Drug treatment during pregnancyBMJ 1998; 317 doi: https://doi.org/10.1136/bmj.317.7171.1503 (Published 28 November 1998) Cite this as: BMJ 1998;317:1503
- Peter Rubin, dean
- Dean's Office, Faculty of Medicine and Health Sciences, Medical School, Queen's Medical Centre, Nottingham NG7 2UH
For most doctors prescribing a drug to a pregnant woman is like taking a journey through uncharted territory; navigation is made no easier by the darkness cast by “thalidomide's long shadow.”1 The usual benchmarks are absent because evidence from large clinical trials doesn't exist for drug treatment during pregnancy. Information on many drugs includes non-specific warnings along the lines of “not to be used in pregnancy unless the benefits outweigh the risks,” even though the benefits may not have been confirmed and the risks are not specified. Also, the disease being treated may affect or be affected by pregnancy. Nevertheless, at least a third of all pregnant women in the United Kingdom are prescribed at least one course of drug treatment.2 The purpose of this review is to summarise some of the important points that should be considered when prescribing drugs for pregnant women.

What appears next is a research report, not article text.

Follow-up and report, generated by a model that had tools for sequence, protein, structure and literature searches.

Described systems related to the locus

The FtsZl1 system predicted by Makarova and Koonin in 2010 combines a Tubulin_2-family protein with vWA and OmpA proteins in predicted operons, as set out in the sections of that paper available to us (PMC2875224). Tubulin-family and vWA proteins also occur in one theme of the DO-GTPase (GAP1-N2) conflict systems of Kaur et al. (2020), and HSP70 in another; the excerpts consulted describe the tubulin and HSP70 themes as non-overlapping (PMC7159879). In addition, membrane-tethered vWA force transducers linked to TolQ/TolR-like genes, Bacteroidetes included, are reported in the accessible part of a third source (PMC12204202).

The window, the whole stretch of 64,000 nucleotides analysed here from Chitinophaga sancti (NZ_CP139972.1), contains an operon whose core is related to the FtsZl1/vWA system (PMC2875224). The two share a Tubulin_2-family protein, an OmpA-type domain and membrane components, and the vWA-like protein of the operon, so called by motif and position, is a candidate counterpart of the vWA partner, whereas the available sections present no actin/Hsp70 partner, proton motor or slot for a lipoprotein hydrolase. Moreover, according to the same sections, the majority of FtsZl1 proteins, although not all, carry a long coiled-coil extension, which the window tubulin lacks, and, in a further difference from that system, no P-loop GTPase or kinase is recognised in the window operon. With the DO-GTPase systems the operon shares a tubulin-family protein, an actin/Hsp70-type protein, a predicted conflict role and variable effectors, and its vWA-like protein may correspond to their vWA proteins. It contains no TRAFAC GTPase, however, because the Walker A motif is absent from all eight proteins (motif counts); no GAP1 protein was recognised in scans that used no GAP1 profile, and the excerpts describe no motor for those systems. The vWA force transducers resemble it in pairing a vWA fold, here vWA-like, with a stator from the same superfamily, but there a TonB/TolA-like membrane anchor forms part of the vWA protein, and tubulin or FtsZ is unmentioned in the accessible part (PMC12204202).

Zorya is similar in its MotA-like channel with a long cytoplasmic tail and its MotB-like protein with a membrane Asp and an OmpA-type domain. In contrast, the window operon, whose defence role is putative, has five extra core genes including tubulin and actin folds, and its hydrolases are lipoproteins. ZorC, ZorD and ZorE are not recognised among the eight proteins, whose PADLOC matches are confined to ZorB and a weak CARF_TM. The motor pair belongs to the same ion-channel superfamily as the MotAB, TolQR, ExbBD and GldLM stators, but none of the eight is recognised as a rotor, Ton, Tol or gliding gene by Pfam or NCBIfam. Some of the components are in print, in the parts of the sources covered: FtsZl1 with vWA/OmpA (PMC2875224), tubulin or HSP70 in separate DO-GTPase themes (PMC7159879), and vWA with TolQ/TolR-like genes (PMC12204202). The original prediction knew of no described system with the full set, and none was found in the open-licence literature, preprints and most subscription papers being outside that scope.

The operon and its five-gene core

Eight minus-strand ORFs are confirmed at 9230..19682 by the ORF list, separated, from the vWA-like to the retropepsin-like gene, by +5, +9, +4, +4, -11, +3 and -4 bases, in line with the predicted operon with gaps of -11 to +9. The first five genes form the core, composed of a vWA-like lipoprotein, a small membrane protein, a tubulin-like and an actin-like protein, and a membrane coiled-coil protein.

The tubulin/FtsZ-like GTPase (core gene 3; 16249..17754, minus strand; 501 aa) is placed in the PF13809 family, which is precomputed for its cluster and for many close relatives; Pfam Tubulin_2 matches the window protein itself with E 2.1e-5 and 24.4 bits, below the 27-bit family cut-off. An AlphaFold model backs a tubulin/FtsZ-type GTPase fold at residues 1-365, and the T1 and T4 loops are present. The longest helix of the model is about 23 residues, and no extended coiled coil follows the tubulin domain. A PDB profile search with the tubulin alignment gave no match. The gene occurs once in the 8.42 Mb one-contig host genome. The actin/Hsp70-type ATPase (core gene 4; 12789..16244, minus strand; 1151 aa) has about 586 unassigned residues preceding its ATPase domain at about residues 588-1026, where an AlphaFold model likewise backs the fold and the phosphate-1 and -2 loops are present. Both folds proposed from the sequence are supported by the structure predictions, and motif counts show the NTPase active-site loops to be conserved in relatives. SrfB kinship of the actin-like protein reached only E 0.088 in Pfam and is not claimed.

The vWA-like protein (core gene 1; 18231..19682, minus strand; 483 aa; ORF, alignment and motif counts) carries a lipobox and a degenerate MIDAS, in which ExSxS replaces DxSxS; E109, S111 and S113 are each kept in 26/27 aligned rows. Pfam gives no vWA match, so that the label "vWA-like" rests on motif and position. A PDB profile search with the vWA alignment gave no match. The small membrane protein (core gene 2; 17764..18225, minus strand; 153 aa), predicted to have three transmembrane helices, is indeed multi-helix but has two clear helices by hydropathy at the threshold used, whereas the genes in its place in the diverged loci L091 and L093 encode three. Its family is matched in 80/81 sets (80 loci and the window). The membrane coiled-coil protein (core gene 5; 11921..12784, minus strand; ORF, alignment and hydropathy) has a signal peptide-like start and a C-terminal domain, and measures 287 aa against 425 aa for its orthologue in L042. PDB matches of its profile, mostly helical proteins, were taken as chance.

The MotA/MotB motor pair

Evidence about the effects and effectiveness of drug treatment during pregnancy is often circumstantial
All doctors who prescribe drugs for women of childbearing age must think about potential pregnancies before prescribing
Counselling before pregnancy is essential for all women receiving long term drug treatment
A useful treatment should not be stopped without good reason
For obvious ethical reasons there are few randomised and placebo controlled clinical trials designed to evaluate the safety and efficacy of drugs in pregnancy. Exceptions to this rule include studies of aspirin in the prevention of pre-eclampsia 3 4 and some small studies of antihypertensive agents. 5 6 Studies of drug treatment during pregnancy are usually done as retrospective analyses (performed by reviewing charts or monitoring prescriptions) or case reports. Case reports are important in recording alleged adverse effects but suffer from the weakness of being anecdotal evidence. The problem is that in 1-2% of all pregnancies in developed countries …
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